What's legal in job applications
One question I frequently get from job hunters is whether it's legal for employers to ask for Social Security numbers on applications. Another common question is whether it's legal to ask for dates of birth.
One question I frequently get from job hunters is whether it's legal for employers to ask for Social Security numbers on applications.
Another common question is whether it's legal to ask for dates of birth.
Two employment law attorneys, Kim Jones at Husch Blackwell Sanders and Shelly Freeman at Lathrop & Gage's HROI subsidiary, assured me that both requests are legal.
While it's illegal to ask about disabilities on job applications, there's no ban on asking for a Social Security number or age.
Both bits of identifying information may be requested to expedite background checks, should the employer decide to pursue the candidate, or to confirm the candidate is of legal age to hold the job.
Authorities also note, though, that asking for applicants' ages on applications could make it more difficult for an employer to fight age discrimination suits, should rejected applicants pursue such claims.
Asking for this information upfront also is at odds with what security experts recommend. Privacy advocates say employers should request Social Security numbers only after they've culled the applicant field and are ready to do in-depth research into a handful of candidates.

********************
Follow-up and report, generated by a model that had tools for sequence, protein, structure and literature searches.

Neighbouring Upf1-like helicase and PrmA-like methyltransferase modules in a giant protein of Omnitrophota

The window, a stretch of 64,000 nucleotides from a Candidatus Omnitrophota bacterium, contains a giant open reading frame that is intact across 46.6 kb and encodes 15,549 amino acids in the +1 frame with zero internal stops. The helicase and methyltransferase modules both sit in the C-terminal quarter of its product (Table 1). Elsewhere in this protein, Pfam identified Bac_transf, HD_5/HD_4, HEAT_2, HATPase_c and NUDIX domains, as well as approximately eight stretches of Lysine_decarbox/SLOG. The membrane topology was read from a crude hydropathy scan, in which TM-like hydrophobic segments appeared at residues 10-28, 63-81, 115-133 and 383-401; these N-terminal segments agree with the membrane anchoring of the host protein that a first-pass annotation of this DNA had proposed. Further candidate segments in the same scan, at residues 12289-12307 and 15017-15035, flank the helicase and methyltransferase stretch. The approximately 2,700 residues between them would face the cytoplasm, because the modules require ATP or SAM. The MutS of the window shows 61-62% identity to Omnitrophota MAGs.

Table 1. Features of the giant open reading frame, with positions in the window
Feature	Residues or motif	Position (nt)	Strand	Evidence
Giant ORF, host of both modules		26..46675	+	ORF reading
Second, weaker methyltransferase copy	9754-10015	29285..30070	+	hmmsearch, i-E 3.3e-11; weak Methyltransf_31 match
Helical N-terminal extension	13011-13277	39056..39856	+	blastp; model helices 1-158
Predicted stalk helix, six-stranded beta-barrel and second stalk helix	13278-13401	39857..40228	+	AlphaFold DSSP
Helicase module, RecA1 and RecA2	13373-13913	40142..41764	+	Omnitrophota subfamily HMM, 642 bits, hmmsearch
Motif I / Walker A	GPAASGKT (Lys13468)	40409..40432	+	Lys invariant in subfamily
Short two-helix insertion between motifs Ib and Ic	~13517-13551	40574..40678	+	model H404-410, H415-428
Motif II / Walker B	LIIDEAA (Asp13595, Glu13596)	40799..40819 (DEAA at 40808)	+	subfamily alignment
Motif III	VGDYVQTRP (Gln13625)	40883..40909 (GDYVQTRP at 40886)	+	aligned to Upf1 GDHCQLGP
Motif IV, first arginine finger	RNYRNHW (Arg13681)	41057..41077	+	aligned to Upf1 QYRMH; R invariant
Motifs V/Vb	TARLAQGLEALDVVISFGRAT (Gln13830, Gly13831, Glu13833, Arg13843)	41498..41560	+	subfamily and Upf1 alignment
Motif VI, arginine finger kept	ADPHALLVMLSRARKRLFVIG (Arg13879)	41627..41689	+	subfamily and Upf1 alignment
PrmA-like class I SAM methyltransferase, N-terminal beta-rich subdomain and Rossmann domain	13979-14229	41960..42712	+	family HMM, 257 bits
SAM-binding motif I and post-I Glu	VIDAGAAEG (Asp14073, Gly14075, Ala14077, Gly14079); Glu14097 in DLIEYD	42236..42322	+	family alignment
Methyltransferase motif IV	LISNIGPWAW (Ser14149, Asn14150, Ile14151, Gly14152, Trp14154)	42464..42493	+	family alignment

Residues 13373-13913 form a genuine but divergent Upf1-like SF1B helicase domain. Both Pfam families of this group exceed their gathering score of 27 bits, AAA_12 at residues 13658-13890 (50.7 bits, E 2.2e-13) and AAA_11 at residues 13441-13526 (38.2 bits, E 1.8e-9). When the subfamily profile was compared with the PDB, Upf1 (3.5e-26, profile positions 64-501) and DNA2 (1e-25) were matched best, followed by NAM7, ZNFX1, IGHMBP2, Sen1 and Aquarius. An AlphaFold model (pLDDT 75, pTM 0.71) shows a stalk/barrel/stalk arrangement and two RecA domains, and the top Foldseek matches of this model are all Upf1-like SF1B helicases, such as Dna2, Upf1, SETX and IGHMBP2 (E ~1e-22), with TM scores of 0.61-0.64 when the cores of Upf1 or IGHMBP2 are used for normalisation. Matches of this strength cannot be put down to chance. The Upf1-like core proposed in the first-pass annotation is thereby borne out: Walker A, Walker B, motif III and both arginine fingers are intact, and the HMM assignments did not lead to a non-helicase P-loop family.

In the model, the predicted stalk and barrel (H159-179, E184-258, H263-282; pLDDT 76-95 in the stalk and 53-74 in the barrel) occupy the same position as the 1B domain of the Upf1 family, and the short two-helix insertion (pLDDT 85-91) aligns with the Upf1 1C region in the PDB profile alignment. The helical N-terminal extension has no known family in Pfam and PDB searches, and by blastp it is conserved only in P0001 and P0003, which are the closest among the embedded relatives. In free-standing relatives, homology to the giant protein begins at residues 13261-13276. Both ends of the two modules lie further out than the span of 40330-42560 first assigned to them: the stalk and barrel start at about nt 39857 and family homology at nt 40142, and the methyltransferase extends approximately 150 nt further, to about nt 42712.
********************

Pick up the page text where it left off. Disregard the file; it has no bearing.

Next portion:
Some states prohibit the mandatory transfer of individual Social Security numbers over the Internet if the site isn't secure or the data aren't encrypted. But such laws say nothing about hand-delivered, faxed or mailed applications.
It also should be noted that some employers are required, for Equal Employment Opportunity or federal contracting records, to keep track of the demographics of their applicants and hires.
Typically in those instances, applicants will be asked to fill out a separate voluntary self-identification form to get the affirmation action information, and employers are supposed to keep that information separate from the rest of the application.
Job hunters understandably remain nervous that their age, race or sex might be held against them. Basically, though, employers are asking them to "trust me on this."
Diane Stafford is the workplace and careers columnist at The Kansas City Star. Her "Your Job" blog at economy.kansascity.com includes daily posts about job-related issues of wide interest. Readers may write to her at: Kansas City Star, 1729 Grand Blvd., Kansas City, Mo. 64108-1413, or by e-mail at email@example.com.
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